IRC §280E: WHAT IS IT?

I AM BEING AUDITED. I NEED HELP.

  • Disallows the deduction of normal business expenses.
  • Must use full absorption accounting under Treasury Regulation 1.471.
  • Results in effective tax rate on dispensaries up to 75% of revenue.
  • Aggressive enforcement by the IRS.
  • Requires expense tracking and tax planning.
  • Is part of the continuing war being waged by the Federal Government against cannabis businesses.
  • Expense document and support is critical.
  • Give us a call at (916) 292-9412.
  • Have our firm handle all communications.
  • We will review your records and assist in preparation for the audit review.
  • Accounting records with full support lessen the exposure.
  • Do not wait until the IRS auditors arrive.
  • Act professional with IRS personnel.
  • Be prepared to answer tough questions.
  • We can calculate potential exposure.

IRC 280e
"No deduction or credit shall be allowed for any amount paid or incurred during the taxable year in carrying on any trade or business if such trade or business (or the activities which comprise such trade or business) consists of trafficking in controlled substances (within the meaning of schedule I and II of the Controlled Substances Act) which is prohibited by Federal law or the law of any State in which such trade or business is conducted."

IRC §280E AND COST OF GOODS SOLD OVERVIEW:

Many cannabis-related businesses would like to take deductions for the costs related to their business activities. However, the tax code, Internal Revenue Code (“IRC”), has some very specific provisions regarding the businesses that are permitted to take cost of goods sold (COGS) deductions and which expenses may be included.  COGS is at the core of all marijuana related businesses as its one of the key factors to reducing your taxable income. 

The “War on Drugs” and Federal Government's use of the tax law

The Tax Equity and Fiscal Responsibility Act, P.L. 97-248, added Sec. 280E to the Code. It provides:

"No deduction or credit shall be allowed for any amount paid or incurred during the taxable year in carrying on any trade or business if such trade or business (or the activities which comprise such trade or business) consists of trafficking in controlled substances (within the meaning of schedule I and II of the Controlled Substances Act) which is prohibited by Federal law or the law of any State in which such trade or business is conducted."

When IRC §280E was enacted in 1982 to overturn the result in the Tax Court case Jeffrey Edmondson v. Commissioner, it held that the taxpayer, who was engaged in an illegal drug dealing business, was entitled to deductions for “telephone, auto, and rental expenses” that he incurred in his business. The Senate report makes clear that IRC §280E was intended to overturn the decision in Edmondson and deny deductions to illegal drug dealing businesses.  However, for Constitutional reasons, Congress did not attempt to prevent taxpayers from using cost of goods sold (COGS) to compute gross income. IRC §280E denies all deductions from gross income in computing taxable income, but illegal drug dealing businesses are permitted to take COGS into account in computing gross income. The legislative history of Sec. 280E includes a reminder about the reach of the Sixteenth Amendment, which permits taxes to be levied on “incomes.” The Senate report to TEFRA states:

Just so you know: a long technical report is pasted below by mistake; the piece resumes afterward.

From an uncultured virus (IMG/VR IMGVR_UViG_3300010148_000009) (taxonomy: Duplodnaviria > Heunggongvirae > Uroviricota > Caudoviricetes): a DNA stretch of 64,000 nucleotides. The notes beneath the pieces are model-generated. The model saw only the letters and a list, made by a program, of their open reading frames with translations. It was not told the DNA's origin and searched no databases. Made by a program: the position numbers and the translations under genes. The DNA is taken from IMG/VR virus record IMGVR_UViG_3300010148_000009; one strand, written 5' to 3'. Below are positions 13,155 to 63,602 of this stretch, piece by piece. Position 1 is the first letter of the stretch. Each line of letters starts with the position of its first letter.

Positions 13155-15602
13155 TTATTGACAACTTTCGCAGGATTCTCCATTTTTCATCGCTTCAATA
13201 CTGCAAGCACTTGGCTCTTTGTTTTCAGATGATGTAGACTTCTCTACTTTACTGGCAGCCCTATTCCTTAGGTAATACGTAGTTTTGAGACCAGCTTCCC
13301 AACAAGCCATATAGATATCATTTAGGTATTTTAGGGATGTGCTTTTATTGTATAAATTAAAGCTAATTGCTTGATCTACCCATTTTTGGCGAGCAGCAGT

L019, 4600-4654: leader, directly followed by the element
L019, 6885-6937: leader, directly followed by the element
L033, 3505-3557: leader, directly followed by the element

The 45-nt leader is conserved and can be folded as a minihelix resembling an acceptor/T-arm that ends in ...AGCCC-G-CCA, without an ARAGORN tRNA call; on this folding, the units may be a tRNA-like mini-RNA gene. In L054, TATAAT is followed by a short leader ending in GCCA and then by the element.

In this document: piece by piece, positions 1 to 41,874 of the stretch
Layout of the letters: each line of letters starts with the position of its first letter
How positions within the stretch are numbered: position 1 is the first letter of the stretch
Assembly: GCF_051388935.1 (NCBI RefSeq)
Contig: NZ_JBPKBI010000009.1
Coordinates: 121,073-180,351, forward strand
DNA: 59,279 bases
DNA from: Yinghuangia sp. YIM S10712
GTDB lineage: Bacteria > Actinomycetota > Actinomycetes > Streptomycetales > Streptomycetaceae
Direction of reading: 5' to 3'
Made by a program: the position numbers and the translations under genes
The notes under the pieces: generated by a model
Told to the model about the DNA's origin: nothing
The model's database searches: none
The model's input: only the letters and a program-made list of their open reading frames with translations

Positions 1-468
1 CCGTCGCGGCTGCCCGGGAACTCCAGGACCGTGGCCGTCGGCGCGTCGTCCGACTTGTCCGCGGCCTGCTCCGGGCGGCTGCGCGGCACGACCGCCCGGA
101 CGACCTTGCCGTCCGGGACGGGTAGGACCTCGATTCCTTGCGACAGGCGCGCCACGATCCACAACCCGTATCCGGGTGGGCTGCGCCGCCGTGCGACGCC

“To preclude possible challenges on constitutional grounds, the adjustment to gross receipts with respect to effective costs of goods sold is not affected by this provision of the bill” (S. Rep’t 97-494 (Vol. 1), 97th Cong., 2d Sess., at 309 (1982)). The rationale for this statement is that the U.S. income tax structure requires gross receipts to be reduced by the cost of sales to derive gross income (also see Regs. Sec. 1.61-3(a)).​ The effects of § 280E can be drastic on dispensaries. According to a 2013 CNNMoney report, the inability of dispensaries to take business deductions has resulted in dispensaries paying an effective tax rate as high as 75 percent. The practical effect of this massive tax burden makes business operations difficult, if not impossible. IRC § 280E was enacted for public policy reasons at a time when the idea of legalizing marijuana, even for medical purposes, was unheard of. Today, given so many state laws to the contrary, we question whether denying deductions to state-sanctioned dispensaries is at all consistent with the legislative intent of § 280E.